Strategies for Public Information in Times of Crisis

by Anthony S. Mangeri -

Providing information to the public in times of crisis is so critical to disaster operations that it is included as one of the five major components of the National Incident Management System. Mass media is one of many tools available to help public information officers disseminate essential information and convey risks to the public before, during, and after a disaster.

Helping Children & Youths Cope With Disaster Media Coverage

by Jennifer First & J. Brian Houston -

In Missouri, researchers are helping adults learn how children and youths perceive disaster media coverage in order to better cope with the abundance of information and images that surround them following a significant incident. Coping strategies and resources addressing media coverage must be tailored to the individual needs and developmental level of each child or youth.

Big News About Cyberthreats

by Dawn Thomas -

The emergency services sector faces many daily challenges that are exacerbated when data breaches and cyber attacks occur. Addressing public concern for incidents with life and safety consequences is one of the greatest challenges that public information officers must be prepared to manage as the number and frequency of cyberthreats continue to rise.

State of Preparedness 2016: Children & Child Care

by Andrew R. Roszak -

By 30 September 2016, all states will be required to create child care disaster plans under the Child Care and Development Block Grant Act, which include procedures for facilities to: evacuate; relocate; shelter-in-place; lock-down; communicate; reunify families; continue operations; and accommodate infants, toddlers, and children with additional physical, mental, or medical needs.

Bleeding Control - The Next Step in Active Shooter Guidance

by Birch X. Barron -

Military methods used for bleeding control on the battlefield can be just as effective on the scene of an active shooter, terrorist attack, or other mass casualty incident. It is time to teach these methods to anyone who may someday find himself or herself in a position to save a life by stopping the bleed.

Training Programs & National Preparedness

by Brandon J. Pugh -

There is a positive relationship between first responder training and national preparedness. A comprehensive examination of three different models shows that training is an invaluable component of homeland security. These key findings summarize detailed analysis conducted on the links between training, response capabilities, and funding.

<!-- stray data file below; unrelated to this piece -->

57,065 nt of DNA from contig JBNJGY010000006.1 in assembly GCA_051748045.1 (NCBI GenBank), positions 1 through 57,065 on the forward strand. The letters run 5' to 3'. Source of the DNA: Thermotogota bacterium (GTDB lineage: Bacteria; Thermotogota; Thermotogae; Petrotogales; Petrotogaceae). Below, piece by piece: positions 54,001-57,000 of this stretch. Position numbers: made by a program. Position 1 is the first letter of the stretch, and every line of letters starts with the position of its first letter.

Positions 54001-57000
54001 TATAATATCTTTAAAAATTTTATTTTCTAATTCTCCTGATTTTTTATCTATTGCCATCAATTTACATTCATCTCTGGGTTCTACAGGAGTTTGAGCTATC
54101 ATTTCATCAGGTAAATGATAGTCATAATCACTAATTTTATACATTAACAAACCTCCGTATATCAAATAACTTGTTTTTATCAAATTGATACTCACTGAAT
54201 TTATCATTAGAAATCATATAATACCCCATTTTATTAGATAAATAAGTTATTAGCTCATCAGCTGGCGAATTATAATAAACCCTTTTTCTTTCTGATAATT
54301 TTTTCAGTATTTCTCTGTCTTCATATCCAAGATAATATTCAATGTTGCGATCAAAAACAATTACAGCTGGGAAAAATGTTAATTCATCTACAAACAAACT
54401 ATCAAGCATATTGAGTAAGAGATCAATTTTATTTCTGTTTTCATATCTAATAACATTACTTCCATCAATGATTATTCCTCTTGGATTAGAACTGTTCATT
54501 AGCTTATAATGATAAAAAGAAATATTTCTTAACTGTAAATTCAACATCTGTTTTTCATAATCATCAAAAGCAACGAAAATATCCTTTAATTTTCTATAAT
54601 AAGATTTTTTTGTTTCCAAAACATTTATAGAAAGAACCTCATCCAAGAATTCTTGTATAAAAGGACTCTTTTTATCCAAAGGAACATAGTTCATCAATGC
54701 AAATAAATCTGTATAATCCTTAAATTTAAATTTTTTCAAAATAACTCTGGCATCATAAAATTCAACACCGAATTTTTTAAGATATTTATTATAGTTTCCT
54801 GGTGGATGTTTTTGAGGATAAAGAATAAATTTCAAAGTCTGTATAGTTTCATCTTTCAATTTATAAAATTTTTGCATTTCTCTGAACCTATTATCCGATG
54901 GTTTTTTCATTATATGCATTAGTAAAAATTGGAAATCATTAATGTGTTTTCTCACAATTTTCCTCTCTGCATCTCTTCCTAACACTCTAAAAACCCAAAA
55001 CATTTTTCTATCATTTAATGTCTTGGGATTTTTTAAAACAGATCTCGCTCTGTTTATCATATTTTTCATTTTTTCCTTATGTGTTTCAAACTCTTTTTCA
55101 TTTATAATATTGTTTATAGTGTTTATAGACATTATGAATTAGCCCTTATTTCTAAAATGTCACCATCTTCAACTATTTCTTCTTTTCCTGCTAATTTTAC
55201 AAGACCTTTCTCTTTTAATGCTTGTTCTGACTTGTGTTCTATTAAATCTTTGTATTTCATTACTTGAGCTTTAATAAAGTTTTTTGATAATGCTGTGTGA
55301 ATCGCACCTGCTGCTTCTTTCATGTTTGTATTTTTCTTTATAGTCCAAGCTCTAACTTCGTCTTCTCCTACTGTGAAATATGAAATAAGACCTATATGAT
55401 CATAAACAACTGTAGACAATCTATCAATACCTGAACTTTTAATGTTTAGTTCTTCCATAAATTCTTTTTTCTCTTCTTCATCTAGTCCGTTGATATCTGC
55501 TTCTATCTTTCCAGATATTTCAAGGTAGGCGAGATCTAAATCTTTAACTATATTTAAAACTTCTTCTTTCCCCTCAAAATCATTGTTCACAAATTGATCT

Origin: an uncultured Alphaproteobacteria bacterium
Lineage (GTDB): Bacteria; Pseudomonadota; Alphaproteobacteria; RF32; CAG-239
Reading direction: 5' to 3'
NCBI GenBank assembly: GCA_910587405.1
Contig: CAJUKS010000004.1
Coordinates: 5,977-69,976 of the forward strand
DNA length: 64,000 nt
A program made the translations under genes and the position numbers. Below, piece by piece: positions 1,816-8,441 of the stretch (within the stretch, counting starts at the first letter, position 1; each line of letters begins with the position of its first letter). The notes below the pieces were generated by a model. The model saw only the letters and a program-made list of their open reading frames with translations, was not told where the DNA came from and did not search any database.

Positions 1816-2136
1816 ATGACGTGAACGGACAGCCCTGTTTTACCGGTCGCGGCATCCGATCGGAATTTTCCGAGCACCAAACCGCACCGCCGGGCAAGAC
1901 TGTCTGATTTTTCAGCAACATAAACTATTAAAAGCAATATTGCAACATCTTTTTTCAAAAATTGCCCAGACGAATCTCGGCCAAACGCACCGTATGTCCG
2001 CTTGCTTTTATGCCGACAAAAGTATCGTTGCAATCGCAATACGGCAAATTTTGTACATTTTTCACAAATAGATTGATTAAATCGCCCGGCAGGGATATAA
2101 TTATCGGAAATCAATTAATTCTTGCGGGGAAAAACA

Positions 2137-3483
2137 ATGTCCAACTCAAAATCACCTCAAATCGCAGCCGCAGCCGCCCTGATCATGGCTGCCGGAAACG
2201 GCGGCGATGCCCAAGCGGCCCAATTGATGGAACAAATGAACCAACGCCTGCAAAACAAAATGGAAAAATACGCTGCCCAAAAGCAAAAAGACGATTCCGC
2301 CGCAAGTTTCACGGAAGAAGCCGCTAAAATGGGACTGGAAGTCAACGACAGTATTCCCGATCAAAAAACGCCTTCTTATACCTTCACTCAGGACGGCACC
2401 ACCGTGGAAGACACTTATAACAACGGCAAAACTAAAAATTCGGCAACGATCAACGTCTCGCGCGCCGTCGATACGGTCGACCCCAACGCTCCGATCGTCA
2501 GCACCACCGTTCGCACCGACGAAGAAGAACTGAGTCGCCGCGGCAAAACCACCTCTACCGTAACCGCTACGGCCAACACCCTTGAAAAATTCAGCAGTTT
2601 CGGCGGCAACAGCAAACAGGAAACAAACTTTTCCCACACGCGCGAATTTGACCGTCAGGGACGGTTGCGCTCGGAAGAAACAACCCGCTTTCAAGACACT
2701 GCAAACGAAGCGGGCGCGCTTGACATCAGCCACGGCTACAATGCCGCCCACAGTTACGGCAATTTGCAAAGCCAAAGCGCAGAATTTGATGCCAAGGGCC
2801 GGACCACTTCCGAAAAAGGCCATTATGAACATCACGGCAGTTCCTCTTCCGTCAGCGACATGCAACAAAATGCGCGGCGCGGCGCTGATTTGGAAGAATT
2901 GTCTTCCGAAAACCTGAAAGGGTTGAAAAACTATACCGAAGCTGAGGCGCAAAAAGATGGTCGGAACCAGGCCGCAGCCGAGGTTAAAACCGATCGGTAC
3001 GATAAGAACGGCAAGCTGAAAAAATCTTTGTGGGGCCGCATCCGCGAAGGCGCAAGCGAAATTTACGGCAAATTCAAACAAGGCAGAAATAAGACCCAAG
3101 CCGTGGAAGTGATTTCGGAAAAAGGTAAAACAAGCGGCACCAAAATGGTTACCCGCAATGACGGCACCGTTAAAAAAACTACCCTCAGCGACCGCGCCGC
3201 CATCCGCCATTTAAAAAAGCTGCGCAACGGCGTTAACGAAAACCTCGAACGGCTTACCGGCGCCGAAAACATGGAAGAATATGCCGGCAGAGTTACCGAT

Bringing the Gold Standard to the Front Line

by Christopher Petty -

Clandestine laboratories are just one evolving threat that first responders face at unexpected times. As this and other types of threats evolve, so must the technology to monitor, detect, and analyze these seen and unseen dangers. High-pressure mass spectrometry is one such technology that is helping first responders perform these tasks in real time while in the field.

Rural Idaho - Research Tools & Training Exercises

by Darin Letzring -

Although there is no shortage of information, the quality and validity of information varies considerably. Learning how to identify effective information tools and use them to their full potential takes time. However, in rural Idaho, information-gathering skills are being taught to help emergency planners and public health professionals to better navigate the vast World Wide Web of information.

Modular Solutions for Compounding Pharmacies & Biosafety Facilities

by Jessica Brown & Allan Swan -

A decade after Hurricane Katrina devastated the Gulf Coast region, the effects of underprepared healthcare systems are still apparent. Nearly a year after the first case of Ebola was diagnosed on U.S. soil, the West African nations most affected by the disease remain burdened by insufficient infrastructure to properly isolate and treat patients on a large scale.

Technology Development & Science-Based Solutions

by Rachel Bartholomew & Richard Ozanich -

Science-based research is useful in analyzing and reducing risks through the development of new technologies for detecting, sampling, and studying various contaminants and unknown substances. Teams of scientists at Pacific Northwest National Laboratory play a large role in ensuring that first responders have the necessary tools to perform their critical tasks.